Answer me this. Have you ever had an awkward encounter at the start or end of a meeting where you go to shake hands whilst the other person goes for a kiss on the cheek?
The professional greeting. It's a dance fraught with social expectation. Some opt for the well respected and courteous handshake, others for a kiss on the cheek, some go for two kisses (not to mention the Dutch are in for three!) and finally the super keen go full out with the big hug.
I've personally always found the expectation in a professional environment an unnecessary worry.
You start a professional greeting with the handshake. Then after a few meetings, lunch, even maybe a drink you begin to build a relationship with that person. It's still a professional relationship mind you, but one that might now include the odd transcript from the "how was your weekend” chat that transposes "yeah good thank you" to include banter about how the weekend consisted of your 80-year-old grandmother getting drunk at the family BBQ and trying to limbo.
The professional relationship might develop, and interaction become more frequent. So you find yourself moving to the kiss on the cheek greeting. But this isn't dating for goodness sake! What then happens if you encounter a difficult conversation with that contact, say an invoicing issue, problem with the service delivered, or even a potential end to the relationship between the two companies you represent. Can you go backwards from the kiss to the handshake?!?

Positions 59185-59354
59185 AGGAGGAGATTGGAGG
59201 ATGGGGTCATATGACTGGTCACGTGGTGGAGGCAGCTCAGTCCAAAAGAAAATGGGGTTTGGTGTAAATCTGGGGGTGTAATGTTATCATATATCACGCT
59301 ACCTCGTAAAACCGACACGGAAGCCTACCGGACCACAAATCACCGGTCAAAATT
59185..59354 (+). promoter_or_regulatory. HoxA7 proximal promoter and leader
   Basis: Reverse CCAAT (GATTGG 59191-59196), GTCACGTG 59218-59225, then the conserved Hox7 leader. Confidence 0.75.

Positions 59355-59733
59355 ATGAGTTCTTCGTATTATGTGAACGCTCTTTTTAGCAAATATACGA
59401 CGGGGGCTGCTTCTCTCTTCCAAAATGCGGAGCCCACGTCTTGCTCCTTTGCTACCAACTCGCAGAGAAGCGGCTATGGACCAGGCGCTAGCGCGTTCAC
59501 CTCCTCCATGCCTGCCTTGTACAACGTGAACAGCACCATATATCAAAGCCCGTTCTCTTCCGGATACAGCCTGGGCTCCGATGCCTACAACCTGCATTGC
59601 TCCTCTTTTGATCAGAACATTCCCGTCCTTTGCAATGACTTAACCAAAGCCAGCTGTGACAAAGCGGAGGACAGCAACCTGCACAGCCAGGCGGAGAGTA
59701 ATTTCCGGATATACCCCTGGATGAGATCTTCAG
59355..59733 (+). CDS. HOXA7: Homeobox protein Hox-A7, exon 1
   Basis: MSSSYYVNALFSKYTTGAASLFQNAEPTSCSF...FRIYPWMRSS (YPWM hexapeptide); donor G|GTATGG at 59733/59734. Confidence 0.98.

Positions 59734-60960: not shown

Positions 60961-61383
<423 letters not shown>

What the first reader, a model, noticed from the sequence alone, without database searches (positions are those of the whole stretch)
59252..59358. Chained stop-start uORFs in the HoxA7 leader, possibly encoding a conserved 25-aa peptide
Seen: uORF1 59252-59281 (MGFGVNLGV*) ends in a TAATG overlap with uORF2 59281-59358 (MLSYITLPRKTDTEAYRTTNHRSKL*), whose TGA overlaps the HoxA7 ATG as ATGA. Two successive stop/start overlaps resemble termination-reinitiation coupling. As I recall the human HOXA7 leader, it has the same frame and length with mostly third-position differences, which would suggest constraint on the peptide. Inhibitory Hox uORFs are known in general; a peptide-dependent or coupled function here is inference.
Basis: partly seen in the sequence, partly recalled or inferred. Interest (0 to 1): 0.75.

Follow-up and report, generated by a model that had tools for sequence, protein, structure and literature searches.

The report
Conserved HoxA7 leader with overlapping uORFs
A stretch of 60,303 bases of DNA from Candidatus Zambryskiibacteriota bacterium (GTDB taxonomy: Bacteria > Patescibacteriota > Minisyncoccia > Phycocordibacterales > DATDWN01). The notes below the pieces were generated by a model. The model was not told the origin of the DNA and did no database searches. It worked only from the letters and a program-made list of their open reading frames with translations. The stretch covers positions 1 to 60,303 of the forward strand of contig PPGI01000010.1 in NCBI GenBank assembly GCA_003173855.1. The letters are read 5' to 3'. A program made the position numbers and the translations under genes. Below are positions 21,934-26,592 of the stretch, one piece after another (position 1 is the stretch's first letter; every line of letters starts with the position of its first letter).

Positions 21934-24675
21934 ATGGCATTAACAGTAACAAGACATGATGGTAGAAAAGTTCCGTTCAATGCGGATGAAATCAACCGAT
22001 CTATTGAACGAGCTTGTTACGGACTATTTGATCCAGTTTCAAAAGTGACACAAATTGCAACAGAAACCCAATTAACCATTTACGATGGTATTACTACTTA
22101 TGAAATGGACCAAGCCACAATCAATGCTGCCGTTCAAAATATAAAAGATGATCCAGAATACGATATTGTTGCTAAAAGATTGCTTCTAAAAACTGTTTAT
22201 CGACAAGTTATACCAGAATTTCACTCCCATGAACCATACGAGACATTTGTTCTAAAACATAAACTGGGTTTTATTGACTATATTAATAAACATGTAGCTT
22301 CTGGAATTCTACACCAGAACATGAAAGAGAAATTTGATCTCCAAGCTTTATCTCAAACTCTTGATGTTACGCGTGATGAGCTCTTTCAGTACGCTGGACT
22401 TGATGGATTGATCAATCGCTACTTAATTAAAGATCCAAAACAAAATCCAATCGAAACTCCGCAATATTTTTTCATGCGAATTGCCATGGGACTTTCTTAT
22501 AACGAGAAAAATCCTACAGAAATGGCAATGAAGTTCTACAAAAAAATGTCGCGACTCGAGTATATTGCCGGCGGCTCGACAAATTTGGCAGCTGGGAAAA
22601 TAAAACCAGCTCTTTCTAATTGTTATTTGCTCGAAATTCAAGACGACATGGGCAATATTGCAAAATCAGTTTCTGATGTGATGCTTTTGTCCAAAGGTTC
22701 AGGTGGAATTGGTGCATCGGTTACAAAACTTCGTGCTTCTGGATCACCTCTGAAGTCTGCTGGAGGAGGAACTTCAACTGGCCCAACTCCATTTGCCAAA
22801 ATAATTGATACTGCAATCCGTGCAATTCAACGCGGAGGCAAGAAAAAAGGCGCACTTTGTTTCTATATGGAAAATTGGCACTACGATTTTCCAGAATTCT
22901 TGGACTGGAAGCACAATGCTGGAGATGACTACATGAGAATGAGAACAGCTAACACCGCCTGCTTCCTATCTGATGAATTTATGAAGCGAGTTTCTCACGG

Maybe I overthink it, but it feels to me that this salutation dilemma highlights there is still a behavioural difference between gender in the professional space. Not worthy of scrutiny in the same way that the gender pay gap or diversity at leadership level is of course. And this isn't something restricted to male vs female interaction. There is just as much potential for social faux pas when it comes to two women greeting.
I'm going to put it out there, wouldn't life be far more simple if the norm was just the hand shake? Gender-neutral. Polite. Consistent.
I applaud other cultures and nations where the handshake is the standard. It certainly would make life easier because we're all busy people and at the end of the day who really wants the bother of giving any thought to such a menial but perpetual part of our professional interactions?
One downside to this would be the loss of the obligatory awkward story about "a colleague who got it horribly wrong and went in for the kiss..."